Cancer

Study finds way to potentially improve immunotherapy for cancer

A new study has identified a drug that potentially could make a common type of immunotherapy for cancer even more effective. The study in laboratory mice found that the drug dasatinib, which is FDA-approved to treat certain ...

Neuroscience

Scientists create new map of brain's immune system

A team of researchers under the direction of the Medical Center—University of Freiburg has created an entirely new map of the brain's own immune system in humans and mice. The scientists demonstrated for the first time ...

Immunology

How the 'Iron Man' of immune cells helps T cells fight infection

The immune system's killer T cells are crucial in fighting viral infections. A fraction of them, called 'memory cells', live on once infection is controlled in order to fight re-infection by the same virus. They are of great ...

Diseases, Conditions, Syndromes

'Killer' cells raise hope of universal flu vaccine

Scientists said Monday they had discovered immune cells that can fight all known flu viruses in what was hailed as an "extraordinary breakthrough" that could lead to a universal, one-shot vaccine against the killer disease.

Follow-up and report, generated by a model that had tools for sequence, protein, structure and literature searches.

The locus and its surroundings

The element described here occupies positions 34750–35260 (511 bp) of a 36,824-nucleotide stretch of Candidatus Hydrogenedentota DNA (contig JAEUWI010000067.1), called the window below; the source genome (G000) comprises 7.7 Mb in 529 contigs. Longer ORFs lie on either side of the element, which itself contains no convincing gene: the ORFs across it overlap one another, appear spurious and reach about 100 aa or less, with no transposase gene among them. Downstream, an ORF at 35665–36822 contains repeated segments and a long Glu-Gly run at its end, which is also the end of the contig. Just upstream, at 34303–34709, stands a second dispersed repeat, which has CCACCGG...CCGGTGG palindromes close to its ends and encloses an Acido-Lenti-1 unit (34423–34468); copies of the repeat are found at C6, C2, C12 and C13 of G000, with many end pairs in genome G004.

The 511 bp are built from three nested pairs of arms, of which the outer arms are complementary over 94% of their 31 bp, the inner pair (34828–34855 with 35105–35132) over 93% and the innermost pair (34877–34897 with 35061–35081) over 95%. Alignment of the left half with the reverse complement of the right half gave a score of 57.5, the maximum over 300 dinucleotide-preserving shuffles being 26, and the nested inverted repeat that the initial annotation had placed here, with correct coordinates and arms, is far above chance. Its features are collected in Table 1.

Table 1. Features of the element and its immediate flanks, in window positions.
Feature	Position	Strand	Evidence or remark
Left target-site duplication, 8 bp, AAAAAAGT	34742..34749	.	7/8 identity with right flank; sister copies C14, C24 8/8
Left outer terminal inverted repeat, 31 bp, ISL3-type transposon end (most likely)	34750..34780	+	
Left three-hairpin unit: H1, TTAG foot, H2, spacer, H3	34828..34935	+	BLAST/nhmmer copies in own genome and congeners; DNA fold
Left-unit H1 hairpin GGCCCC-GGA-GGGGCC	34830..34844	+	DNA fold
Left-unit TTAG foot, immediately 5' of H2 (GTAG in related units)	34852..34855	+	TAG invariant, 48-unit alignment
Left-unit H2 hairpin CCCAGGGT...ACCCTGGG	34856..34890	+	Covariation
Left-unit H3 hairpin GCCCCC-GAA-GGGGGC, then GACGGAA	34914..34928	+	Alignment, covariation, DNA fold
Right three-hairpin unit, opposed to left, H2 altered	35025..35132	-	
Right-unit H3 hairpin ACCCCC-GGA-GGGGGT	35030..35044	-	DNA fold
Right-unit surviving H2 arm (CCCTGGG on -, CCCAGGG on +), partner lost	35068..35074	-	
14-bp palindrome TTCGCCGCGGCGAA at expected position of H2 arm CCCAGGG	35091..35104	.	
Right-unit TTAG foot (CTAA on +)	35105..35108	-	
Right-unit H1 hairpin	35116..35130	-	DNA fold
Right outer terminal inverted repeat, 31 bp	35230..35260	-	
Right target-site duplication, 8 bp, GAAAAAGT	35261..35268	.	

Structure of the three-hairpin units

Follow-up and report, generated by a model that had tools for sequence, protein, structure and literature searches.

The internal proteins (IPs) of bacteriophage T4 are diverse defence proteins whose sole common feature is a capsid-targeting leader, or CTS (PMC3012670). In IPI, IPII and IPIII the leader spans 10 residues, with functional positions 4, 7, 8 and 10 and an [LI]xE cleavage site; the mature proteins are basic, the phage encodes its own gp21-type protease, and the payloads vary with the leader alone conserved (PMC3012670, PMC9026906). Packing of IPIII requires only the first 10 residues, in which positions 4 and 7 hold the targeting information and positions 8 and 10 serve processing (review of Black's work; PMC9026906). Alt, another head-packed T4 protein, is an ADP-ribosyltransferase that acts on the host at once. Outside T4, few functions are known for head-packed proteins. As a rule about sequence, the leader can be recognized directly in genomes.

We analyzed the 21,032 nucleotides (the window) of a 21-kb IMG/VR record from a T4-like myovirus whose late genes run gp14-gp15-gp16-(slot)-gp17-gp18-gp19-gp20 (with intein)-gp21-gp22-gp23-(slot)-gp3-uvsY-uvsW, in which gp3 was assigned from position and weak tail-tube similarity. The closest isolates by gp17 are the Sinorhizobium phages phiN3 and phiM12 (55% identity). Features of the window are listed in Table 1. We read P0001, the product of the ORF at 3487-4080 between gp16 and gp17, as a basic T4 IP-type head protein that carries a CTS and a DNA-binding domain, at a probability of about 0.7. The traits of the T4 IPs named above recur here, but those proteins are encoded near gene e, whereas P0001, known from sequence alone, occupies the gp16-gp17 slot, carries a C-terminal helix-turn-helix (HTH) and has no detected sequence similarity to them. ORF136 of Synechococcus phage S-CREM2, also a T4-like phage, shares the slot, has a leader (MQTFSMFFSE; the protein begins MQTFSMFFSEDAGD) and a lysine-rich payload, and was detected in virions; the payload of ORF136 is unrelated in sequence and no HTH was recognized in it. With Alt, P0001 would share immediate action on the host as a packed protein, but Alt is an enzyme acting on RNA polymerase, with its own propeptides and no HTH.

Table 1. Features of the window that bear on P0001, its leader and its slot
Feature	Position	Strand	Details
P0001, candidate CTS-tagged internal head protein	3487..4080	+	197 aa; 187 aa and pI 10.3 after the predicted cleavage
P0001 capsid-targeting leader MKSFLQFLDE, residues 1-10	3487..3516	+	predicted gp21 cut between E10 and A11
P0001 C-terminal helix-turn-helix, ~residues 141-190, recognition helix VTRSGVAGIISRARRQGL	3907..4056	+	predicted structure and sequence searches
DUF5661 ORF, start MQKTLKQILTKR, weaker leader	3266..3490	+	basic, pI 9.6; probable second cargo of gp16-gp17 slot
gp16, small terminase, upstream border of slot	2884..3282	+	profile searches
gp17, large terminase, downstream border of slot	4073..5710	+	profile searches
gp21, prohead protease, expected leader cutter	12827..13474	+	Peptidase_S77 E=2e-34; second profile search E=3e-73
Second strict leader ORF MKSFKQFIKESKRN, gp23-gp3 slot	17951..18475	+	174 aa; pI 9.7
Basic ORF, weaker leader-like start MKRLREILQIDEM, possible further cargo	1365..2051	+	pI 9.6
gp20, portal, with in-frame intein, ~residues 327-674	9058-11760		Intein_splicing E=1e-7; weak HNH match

Medical research

CRISPR gene editing makes stem cells 'invisible' to immune system

UC San Francisco scientists have used the CRISPR-Cas9 gene-editing system to create the first pluripotent stem cells that are functionally "invisible" to the immune system, a feat of biological engineering that, in laboratory ...

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White blood cell

White blood cells (WBCs), or leukocytes (also spelled "leucocytes"), are cells of the immune system defending the body against both infectious disease and foreign materials. Five different and diverse types of leukocytes exist, but they are all produced and derived from a multipotent cell in the bone marrow known as a hematopoietic stem cell. Leukocytes are found throughout the body, including the blood and lymphatic system.

The number of leukocytes in the blood is often an indicator of disease. There are normally between 4×109 and 1.1×1010 white blood cells in a litre of blood, making up approximately 1% of blood in a healthy adult. An increase in the number of leukocytes over the upper limits is called leukocytosis, and in leukopenia, this number is much lower than the lower limit. The physical properties of leukocytes, such as volume, conductivity, and granularity, may change due to activation, the presence of immature cells, or the presence of malignant leukocytes in leukemia.

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